Movie trailers

‘Saamy Square’ trailer: Vikram is on a punching spree (even the heroine is not spared)

The sequel comes 15 years after the release of ‘Saamy’.

Vikram’s no-nonsense Indian Police Service officer Aarusaamy has been resurrected after 15 years in Saamy Square. Directed by Hari, the sequel to Saamy stars Vikram as the tough-talking and hard-hitting superhero in khaki who sends criminals flying through the air with a single punch. The character’s nameplate has been concealed throughout the trailer, thereby refusing to confirm or deny speculation that Vikram plays the son of the hero of the original movie.

Parts of the movie are set in Delhi. The cast includes Keerthy Suresh, Prabhu and Delhi Ganesh. Bobby Simha plays the villain. The soundtrack is by Devi Sri Prasad. The movie is scheduled for a June 14 release.

The trailer is packed with slow-motion action sequences, visual and sound effects, and fiery dialogue. “I emerged out of the womb of a devil, not a woman,” Vikram’s character snarls. “I am not Saamy, I am a monster.”

Keerthy Suresh, fresh from the success of the Savitri biopic Mahanati, plays the woman who melts before the police officer’s machismo. Being slapped by the hero only seems to strengthen her love for him.

Saamy Square (2018).

The original film, also starring Trisha Krishnan, celebrated the transformation of Tirunalveli police officer Aarusaamy from bribe-taker to the nemesis of the bribe giver, played by Kota Srinivasa Rao. Hari has also directed the 2010 hit Singam, starring Suriya as an honest police officer. Singam was remade in Hindi as the Ajay Devgn-starrer Singham in 2011.

Saamy (2003).
Support our journalism by subscribing to Scroll+ here. We welcome your comments at
Sponsored Content BY 

A special shade of blue inspired these musicians to create a musical piece

Thanks to an interesting neurological condition called synesthesia.

On certain forums on the Internet, heated discussions revolve around the colour of number 9 or the sound of strawberry cupcake. And most forum members mount a passionate defence of their points of view on these topics. These posts provide insight into a lesser known, but well-documented, sensory condition called synesthesia - simply described as the cross wiring of the senses.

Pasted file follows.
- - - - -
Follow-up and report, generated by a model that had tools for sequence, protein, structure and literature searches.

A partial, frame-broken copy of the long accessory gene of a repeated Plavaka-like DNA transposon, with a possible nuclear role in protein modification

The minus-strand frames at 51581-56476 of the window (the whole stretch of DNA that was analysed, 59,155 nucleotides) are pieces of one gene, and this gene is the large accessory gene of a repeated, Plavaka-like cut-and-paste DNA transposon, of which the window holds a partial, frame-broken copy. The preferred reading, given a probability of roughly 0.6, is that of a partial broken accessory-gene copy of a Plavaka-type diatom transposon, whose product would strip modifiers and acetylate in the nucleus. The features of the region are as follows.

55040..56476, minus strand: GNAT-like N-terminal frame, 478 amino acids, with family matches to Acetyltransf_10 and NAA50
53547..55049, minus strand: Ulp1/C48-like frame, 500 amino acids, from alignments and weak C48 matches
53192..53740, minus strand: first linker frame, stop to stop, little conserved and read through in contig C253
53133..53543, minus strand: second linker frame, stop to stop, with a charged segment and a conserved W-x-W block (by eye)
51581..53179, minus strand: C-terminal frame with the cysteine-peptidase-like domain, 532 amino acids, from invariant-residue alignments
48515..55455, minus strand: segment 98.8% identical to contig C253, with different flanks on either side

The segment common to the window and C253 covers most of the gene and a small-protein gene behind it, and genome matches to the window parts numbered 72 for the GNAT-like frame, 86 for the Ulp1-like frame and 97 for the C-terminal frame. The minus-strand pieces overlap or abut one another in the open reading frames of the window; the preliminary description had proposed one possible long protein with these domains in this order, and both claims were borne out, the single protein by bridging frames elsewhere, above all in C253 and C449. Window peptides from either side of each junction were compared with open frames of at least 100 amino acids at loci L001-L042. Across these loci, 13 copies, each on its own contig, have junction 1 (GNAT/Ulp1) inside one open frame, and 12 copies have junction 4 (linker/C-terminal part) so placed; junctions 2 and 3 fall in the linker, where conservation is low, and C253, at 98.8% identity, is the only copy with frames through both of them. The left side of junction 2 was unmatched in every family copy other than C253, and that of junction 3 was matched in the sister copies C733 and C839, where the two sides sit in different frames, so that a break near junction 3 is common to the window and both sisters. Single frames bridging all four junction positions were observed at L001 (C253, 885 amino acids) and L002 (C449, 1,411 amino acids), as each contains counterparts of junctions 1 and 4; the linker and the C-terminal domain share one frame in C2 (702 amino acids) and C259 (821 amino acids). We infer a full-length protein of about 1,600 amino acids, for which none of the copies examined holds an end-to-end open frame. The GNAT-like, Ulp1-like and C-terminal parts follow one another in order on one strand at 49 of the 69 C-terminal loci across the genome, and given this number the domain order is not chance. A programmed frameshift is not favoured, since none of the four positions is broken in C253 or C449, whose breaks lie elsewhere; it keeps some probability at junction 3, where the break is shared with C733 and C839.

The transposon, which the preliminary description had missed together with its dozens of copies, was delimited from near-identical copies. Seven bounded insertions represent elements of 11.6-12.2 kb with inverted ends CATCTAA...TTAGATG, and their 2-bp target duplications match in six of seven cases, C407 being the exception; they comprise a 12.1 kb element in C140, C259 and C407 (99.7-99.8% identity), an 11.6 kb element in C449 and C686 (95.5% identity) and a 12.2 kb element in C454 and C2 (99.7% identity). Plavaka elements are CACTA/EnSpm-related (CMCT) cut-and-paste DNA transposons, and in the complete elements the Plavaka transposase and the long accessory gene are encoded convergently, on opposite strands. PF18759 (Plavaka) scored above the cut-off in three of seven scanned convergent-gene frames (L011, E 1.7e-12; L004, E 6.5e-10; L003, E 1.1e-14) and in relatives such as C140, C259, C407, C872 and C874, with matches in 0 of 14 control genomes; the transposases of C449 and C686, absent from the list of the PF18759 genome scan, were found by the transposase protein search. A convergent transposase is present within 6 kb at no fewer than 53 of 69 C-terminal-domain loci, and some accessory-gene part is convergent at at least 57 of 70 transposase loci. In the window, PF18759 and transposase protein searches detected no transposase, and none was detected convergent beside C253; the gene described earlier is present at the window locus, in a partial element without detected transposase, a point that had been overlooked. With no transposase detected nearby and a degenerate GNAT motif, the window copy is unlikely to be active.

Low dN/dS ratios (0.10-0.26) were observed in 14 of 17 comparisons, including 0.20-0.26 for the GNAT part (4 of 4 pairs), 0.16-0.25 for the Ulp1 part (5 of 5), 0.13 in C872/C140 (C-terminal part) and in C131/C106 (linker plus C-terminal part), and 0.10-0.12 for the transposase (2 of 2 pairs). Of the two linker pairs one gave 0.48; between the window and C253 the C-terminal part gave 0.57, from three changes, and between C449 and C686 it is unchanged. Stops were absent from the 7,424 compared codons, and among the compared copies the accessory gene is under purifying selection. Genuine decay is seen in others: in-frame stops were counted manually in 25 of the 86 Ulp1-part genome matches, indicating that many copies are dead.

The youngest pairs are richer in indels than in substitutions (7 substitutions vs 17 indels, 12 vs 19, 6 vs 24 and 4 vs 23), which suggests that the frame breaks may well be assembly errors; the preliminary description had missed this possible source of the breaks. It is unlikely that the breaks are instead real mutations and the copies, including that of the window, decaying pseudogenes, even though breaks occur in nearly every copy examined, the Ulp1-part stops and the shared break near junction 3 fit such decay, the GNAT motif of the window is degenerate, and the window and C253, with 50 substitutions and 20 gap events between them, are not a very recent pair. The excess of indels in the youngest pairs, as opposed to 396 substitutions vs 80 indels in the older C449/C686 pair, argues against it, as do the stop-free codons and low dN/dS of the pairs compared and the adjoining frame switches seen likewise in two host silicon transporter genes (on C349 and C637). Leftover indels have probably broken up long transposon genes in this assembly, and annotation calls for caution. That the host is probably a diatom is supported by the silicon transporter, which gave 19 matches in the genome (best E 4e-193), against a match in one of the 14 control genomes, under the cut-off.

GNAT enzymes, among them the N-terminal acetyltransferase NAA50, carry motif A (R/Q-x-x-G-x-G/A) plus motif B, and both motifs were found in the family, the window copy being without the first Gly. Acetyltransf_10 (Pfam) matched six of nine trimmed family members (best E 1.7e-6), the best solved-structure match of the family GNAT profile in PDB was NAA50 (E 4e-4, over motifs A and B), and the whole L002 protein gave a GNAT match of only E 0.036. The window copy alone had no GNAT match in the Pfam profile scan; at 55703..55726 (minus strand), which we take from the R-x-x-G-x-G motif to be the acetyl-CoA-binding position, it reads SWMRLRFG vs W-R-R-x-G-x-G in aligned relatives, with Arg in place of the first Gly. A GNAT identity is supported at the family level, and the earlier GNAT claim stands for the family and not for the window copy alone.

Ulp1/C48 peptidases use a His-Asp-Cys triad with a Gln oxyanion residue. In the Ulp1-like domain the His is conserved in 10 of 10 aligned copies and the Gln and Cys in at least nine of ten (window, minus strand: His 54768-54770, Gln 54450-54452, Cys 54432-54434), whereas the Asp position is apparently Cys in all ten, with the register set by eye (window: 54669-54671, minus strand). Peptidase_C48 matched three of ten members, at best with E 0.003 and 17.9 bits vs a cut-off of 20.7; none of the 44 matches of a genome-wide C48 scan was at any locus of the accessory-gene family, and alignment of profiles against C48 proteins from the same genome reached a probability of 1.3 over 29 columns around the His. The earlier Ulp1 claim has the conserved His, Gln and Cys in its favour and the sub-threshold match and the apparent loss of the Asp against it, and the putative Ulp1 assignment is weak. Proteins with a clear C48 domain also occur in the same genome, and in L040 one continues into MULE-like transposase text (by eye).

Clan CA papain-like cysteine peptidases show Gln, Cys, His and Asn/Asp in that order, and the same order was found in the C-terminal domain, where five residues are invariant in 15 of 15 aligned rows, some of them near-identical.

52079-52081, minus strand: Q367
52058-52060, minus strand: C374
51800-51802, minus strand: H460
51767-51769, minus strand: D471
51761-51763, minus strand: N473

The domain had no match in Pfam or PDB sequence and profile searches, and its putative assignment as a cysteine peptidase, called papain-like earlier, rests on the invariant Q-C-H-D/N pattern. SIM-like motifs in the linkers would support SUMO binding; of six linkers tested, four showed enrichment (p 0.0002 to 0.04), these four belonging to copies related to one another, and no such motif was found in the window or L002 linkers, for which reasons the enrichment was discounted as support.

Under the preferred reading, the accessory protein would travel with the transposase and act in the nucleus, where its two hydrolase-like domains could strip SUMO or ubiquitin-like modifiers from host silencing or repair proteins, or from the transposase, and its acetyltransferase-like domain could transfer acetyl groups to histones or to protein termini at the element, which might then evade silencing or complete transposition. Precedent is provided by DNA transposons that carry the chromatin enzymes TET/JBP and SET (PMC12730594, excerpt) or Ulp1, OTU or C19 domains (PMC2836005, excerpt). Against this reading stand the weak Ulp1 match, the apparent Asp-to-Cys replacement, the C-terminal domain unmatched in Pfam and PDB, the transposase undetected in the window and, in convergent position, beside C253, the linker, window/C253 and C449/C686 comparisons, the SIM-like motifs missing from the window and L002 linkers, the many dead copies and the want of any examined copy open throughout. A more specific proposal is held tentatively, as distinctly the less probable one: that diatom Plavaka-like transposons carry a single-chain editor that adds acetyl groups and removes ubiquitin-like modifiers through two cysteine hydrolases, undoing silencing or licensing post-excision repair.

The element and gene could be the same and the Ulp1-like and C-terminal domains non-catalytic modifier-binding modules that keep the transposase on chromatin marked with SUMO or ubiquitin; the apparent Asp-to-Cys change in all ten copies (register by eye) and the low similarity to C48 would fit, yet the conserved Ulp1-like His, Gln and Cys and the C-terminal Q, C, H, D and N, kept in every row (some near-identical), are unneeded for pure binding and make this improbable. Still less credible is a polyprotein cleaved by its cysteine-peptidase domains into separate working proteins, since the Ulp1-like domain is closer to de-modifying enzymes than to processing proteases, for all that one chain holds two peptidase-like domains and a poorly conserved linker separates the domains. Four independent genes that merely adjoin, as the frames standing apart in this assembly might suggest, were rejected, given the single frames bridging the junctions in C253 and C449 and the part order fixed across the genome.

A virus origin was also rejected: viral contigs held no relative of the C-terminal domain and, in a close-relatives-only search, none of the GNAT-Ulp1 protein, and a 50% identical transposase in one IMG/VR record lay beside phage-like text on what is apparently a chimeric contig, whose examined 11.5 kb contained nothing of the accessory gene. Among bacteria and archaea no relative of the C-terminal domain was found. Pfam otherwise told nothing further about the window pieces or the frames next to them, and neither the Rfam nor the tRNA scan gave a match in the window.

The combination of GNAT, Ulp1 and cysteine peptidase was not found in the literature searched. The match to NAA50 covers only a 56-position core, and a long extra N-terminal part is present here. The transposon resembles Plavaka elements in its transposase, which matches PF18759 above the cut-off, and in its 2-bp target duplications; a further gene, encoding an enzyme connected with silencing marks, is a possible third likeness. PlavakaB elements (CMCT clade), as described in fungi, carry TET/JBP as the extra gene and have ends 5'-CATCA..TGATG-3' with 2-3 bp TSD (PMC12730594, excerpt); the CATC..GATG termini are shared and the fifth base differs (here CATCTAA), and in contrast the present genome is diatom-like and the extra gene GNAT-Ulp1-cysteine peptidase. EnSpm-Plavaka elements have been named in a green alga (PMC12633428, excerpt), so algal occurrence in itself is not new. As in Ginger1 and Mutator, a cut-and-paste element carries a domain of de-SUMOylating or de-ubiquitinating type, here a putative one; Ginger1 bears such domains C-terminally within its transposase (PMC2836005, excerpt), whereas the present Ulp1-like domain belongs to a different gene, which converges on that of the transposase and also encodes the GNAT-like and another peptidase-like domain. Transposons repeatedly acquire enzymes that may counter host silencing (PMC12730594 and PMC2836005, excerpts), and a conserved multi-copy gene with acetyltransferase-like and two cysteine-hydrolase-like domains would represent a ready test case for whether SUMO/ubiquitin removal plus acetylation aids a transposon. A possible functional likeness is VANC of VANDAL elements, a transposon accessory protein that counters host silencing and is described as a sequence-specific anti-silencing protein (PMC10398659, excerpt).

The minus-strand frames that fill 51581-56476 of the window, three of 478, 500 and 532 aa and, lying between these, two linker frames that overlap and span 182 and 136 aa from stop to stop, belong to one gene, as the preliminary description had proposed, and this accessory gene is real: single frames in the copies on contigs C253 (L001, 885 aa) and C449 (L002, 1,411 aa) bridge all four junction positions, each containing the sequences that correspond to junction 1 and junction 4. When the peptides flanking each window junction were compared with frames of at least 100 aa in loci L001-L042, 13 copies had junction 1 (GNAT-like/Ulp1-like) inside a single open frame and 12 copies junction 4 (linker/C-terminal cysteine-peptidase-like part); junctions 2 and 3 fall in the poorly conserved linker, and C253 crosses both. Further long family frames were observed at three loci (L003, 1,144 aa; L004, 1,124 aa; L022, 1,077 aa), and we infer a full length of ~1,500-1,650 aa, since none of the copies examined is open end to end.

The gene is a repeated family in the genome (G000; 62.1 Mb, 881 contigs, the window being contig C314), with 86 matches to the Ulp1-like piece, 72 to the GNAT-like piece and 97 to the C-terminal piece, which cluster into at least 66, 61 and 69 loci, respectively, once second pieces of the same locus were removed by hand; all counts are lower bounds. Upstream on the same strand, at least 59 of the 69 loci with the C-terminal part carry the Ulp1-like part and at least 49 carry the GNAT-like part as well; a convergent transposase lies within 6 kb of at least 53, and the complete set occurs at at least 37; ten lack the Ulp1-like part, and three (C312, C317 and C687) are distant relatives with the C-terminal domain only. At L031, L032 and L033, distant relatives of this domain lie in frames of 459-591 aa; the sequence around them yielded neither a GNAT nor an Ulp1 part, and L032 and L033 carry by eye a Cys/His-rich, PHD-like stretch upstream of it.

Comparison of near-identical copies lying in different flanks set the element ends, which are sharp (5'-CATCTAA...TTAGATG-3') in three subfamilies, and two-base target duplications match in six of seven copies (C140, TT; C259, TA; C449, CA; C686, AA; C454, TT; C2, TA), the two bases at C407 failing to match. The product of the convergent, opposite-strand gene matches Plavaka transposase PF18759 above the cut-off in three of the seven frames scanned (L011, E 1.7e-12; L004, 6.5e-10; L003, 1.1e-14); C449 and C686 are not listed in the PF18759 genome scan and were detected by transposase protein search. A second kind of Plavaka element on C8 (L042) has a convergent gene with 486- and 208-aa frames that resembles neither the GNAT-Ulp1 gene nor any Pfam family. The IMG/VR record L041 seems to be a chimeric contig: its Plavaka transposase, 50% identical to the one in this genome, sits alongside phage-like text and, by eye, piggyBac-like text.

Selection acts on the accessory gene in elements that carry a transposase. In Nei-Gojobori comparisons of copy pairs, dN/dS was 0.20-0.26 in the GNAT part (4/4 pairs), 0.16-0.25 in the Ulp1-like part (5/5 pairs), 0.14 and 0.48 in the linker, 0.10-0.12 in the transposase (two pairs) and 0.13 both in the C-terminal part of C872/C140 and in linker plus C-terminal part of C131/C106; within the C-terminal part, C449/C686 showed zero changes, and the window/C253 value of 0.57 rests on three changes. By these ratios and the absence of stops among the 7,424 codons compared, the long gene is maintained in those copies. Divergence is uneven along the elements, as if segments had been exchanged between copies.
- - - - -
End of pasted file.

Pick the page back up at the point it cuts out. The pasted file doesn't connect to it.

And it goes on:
Synesthetes can ‘see’ music, ‘taste’ paintings, ‘hear’ emotions...and experience other sensory combinations based on their type. If this seems confusing, just pay some attention to our everyday language. It’s riddled with synesthesia-like metaphors - ‘to go green with envy’, ‘to leave a bad taste in one’s mouth’, ‘loud colours’, ‘sweet smells’ and so on.

Synesthesia is a deeply individual experience for those who have it and differs from person to person. About 80 different types of synesthesia have been discovered so far. Some synesthetes even have multiple types, making their inner experience far richer than most can imagine.

Most synesthetes vehemently maintain that they don’t consider their synesthesia to be problem that needs to be fixed. Indeed, synesthesia isn’t classified as a disorder, but only a neurological condition - one that scientists say may even confer cognitive benefits, chief among them being a heightened sense of creativity.

Pop culture has celebrated synesthetic minds for centuries. Synesthetic musicians, writers, artists and even scientists have produced a body of work that still inspires. Indeed, synesthetes often gravitate towards the arts. Eduardo is a Canadian violinist who has synesthesia. He’s, in fact, so obsessed with it that he even went on to do a doctoral thesis on the subject. Eduardo has also authored a children’s book meant to encourage latent creativity, and synesthesia, in children.

Litsa, a British violinist, sees splashes of paint when she hears music. For her, the note G is green; she can’t separate the two. She considers synesthesia to be a fundamental part of her vocation. Samara echoes the sentiment. A talented cellist from London, Samara can’t quite quantify the effect of synesthesia on her music, for she has never known a life without it. Like most synesthetes, the discovery of synesthesia for Samara was really the realisation that other people didn’t experience the world the way she did.

Eduardo, Litsa and Samara got together to make music guided by their synesthesia. They were invited by Maruti NEXA to interpret their new automotive colour - NEXA Blue. The signature shade represents the brand’s spirit of innovation and draws on the legacy of blue as the colour that has inspired innovation and creativity in art, science and culture for centuries.

Each musician, like a true synesthete, came up with a different note to represent the colour. NEXA roped in Indraneel, a composer, to tie these notes together into a harmonious composition. The video below shows how Sound of NEXA Blue was conceived.


You can watch Eduardo, Litsa and Samara play the entire Sound of NEXA Blue composition in the video below.


To know more about NEXA Blue and how the brand constantly strives to bring something exclusive and innovative to its customers, click here.

This article was produced by the Scroll marketing team on behalf of NEXA and not by the Scroll editorial team.